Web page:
Britons, why can’t you be more like Iraqis?

Political observers are cynically celebrating the Iraqi elections as a welcome contrast to dumb apathy here at home.

Tim Black

Tim Black

Topics Politics UK

As Brendan O’Neill observed at the time, the Iraqi elections of 2005 – the first elections since the US and British-led invasion of Iraq in 2003 – prompted a rather schizophrenic reaction on the part of the Coalition of the Willing. On one hand, President George W Bush busily urged ‘coalition partners’ to take ‘pride in our role in making this great day possible’; on the other, numerous commentators and analysts worried that the election, far from being ‘a great day’, was merely the opening salvo in an approaching Shia-Sunni civil war or ‘the birth of a nuke-hungry Islamic state’.

This time, however, as Iraq went to the polls at the weekend for only the second time since 2003, the reaction has been far less angst-ridden. Nothing, it seems – not the mortar attacks, not the rockets and bombs, not the loss of nearly 40 lives – can quell some Western observers’ enthusiasm for this latest round of democracy. ‘By any measure, this was an important milestone in Iraqi history’, declared US President Barack Obama, before talking of his ‘respect for the millions of Iraqis who refused to be deterred by acts of violence, and who exercised their right to vote’.

UK foreign secretary David Miliband was equally enthusiastic about Iraq’s democratic verve: ‘[The Iraq] elections follow a vibrant election campaign and underscore the significant democratic progress across the country.’ Even EU foreign policy chief Catherine Ashton, a woman whose ascent to the peaks of EU bureaucracy has rested on avoiding anything resembling democracy, was full of praise for the sheer fact of Iraq’s election : ‘[It has] reconfirmed the commitment of the Iraqi people to a democratic country which deserves respect from all.’

The right of the people of Iraq to elect their own government is certainly something to be defended. And that is what these elections ought to be all about: the attempt on the part of the Iraqi people to take hold of their lives, to reassert some measure of sovereignty over their affairs.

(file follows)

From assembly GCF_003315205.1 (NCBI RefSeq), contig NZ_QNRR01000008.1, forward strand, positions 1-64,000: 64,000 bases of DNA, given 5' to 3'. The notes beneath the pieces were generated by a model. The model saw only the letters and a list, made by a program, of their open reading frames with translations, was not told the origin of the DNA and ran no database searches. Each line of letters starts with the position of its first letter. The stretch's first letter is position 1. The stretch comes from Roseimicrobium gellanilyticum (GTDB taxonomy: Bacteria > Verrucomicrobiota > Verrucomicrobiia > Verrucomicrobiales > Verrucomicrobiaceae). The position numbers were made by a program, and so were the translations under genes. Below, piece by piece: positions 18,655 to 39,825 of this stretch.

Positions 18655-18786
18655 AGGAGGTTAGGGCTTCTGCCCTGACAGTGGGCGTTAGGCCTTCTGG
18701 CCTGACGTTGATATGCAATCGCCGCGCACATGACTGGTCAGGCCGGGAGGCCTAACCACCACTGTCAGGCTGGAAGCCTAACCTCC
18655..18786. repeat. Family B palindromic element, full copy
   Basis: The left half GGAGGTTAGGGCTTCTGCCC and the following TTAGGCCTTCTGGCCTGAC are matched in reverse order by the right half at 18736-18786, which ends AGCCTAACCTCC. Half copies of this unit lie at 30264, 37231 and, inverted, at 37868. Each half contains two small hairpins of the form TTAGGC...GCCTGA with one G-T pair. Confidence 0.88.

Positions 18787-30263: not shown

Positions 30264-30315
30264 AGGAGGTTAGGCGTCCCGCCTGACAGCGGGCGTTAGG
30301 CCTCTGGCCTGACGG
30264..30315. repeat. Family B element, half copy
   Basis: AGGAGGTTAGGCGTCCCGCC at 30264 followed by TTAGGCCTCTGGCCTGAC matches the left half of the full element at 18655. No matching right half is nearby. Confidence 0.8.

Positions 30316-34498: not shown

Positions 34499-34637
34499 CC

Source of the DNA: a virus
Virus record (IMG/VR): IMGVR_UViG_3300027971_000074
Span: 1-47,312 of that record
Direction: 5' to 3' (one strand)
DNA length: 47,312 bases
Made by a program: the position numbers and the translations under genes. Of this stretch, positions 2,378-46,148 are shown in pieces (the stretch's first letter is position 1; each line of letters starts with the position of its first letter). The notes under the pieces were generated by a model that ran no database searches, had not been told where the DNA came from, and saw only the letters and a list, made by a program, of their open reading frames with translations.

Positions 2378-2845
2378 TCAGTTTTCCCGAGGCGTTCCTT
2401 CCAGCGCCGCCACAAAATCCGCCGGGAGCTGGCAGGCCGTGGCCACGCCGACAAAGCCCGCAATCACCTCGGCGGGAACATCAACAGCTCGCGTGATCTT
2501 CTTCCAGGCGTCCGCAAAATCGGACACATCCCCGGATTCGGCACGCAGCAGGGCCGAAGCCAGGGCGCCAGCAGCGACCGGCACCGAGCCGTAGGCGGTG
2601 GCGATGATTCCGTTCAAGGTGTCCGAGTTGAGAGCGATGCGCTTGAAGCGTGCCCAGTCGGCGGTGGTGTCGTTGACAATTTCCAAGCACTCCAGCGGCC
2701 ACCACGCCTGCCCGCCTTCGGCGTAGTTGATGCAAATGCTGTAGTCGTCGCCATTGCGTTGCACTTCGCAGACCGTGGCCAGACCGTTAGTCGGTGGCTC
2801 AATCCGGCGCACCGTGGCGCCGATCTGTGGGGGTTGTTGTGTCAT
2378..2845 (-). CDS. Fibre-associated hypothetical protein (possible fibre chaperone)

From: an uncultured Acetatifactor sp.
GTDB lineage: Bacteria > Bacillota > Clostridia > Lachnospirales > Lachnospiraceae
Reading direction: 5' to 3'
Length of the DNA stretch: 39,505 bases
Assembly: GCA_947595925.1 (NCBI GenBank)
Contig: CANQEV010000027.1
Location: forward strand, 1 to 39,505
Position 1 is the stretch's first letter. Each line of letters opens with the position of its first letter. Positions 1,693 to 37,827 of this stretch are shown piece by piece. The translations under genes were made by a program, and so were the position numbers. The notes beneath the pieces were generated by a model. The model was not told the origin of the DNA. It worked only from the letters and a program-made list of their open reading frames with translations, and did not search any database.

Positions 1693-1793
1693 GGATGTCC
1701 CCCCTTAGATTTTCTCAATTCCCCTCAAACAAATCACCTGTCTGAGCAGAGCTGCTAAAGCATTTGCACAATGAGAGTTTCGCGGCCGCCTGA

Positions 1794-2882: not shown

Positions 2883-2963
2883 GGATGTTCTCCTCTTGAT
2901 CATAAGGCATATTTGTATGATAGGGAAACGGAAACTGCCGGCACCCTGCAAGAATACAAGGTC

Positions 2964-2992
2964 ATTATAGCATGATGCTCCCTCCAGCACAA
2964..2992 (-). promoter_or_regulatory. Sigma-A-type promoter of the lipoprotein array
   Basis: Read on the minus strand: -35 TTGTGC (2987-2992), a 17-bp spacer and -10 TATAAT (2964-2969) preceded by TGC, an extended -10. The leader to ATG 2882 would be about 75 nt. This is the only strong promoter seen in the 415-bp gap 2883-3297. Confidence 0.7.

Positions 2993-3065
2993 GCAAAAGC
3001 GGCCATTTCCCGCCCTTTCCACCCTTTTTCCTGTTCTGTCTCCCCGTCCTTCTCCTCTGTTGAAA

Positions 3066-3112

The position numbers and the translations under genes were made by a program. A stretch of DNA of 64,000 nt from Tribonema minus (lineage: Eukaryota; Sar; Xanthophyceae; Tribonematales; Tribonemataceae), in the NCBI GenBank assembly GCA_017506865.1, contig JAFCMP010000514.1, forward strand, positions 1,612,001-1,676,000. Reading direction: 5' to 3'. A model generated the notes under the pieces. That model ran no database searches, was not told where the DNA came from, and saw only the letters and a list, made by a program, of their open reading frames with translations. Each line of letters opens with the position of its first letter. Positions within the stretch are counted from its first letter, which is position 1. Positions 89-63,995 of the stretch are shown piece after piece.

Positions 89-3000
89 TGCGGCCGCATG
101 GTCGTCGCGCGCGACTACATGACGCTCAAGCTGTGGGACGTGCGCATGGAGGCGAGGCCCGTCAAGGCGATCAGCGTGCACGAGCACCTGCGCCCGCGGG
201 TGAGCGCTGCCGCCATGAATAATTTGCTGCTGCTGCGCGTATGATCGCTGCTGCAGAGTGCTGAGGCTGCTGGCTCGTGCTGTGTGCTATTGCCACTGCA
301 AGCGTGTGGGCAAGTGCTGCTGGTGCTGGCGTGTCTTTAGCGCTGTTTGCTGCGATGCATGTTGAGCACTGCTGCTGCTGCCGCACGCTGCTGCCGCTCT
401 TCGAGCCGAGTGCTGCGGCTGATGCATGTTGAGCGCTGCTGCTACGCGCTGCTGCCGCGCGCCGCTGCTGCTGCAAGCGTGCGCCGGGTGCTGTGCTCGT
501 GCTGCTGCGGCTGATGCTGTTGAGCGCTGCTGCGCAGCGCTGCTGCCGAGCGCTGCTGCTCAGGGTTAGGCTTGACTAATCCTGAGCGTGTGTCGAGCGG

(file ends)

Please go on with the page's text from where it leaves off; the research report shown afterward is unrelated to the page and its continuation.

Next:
Unfortunately, as these elections demonstrate, there are still considerable limits to democracy in post-war Iraq. For a start there’s the sheer number of candidates – around 6,200 – for 325 parliamentary seats. Representing something in the region of 90 different factions, the proliferating candidature is an indication less of electoral vibrancy than of the fragmented state of society in post-war Iraq. Little wonder that of the three main parties – the current prime minister Nouri Maliki’s State of Law Coalition; the mainly Shia Iraqi National Alliance; and the consistently anti-sectarian Iraqi National Movement – none is expected to get more than a third of the vote. A popular movement, a groundswell of solidarity, one that might manifest itself in a popular government, is still to be found.

The legacy of the coalition invasion is difficult to ignore here. As we have pointed out many times on spiked, the US and British effort to get rid of Saddam Hussein’s despotic Ba’athist regime did not liberate Iraqi civil society; it left it rudderless (see Why haven’t they learned the lesson of Iraq?). For as brutal as Saddam’s reign was, it was nonetheless the central, cohering force of Iraqi society. Without it, and in lieu of having liberated themselves, the Iraqi people were left to fall back upon increasingly particular, often ethnic identities, be it Sunni or Shia.

A further consequence of the power vacuum at the heart of Iraqi society, and one which once again was apparent during the elections, is the extent to which external agents are sucked in, whether American, Saudi or Iranian – hence the rumours of Iranian backing for certain Shia candidates and Saudi support for Sunni ones. And if anyone needed any reminder of America’s continued role in shaping the future of Iraq, over and above the democratic will of the Iraqi people, one only need note the continued presence of nearly 100,000 US troops, not to mention the gun ships looming high above the voting areas.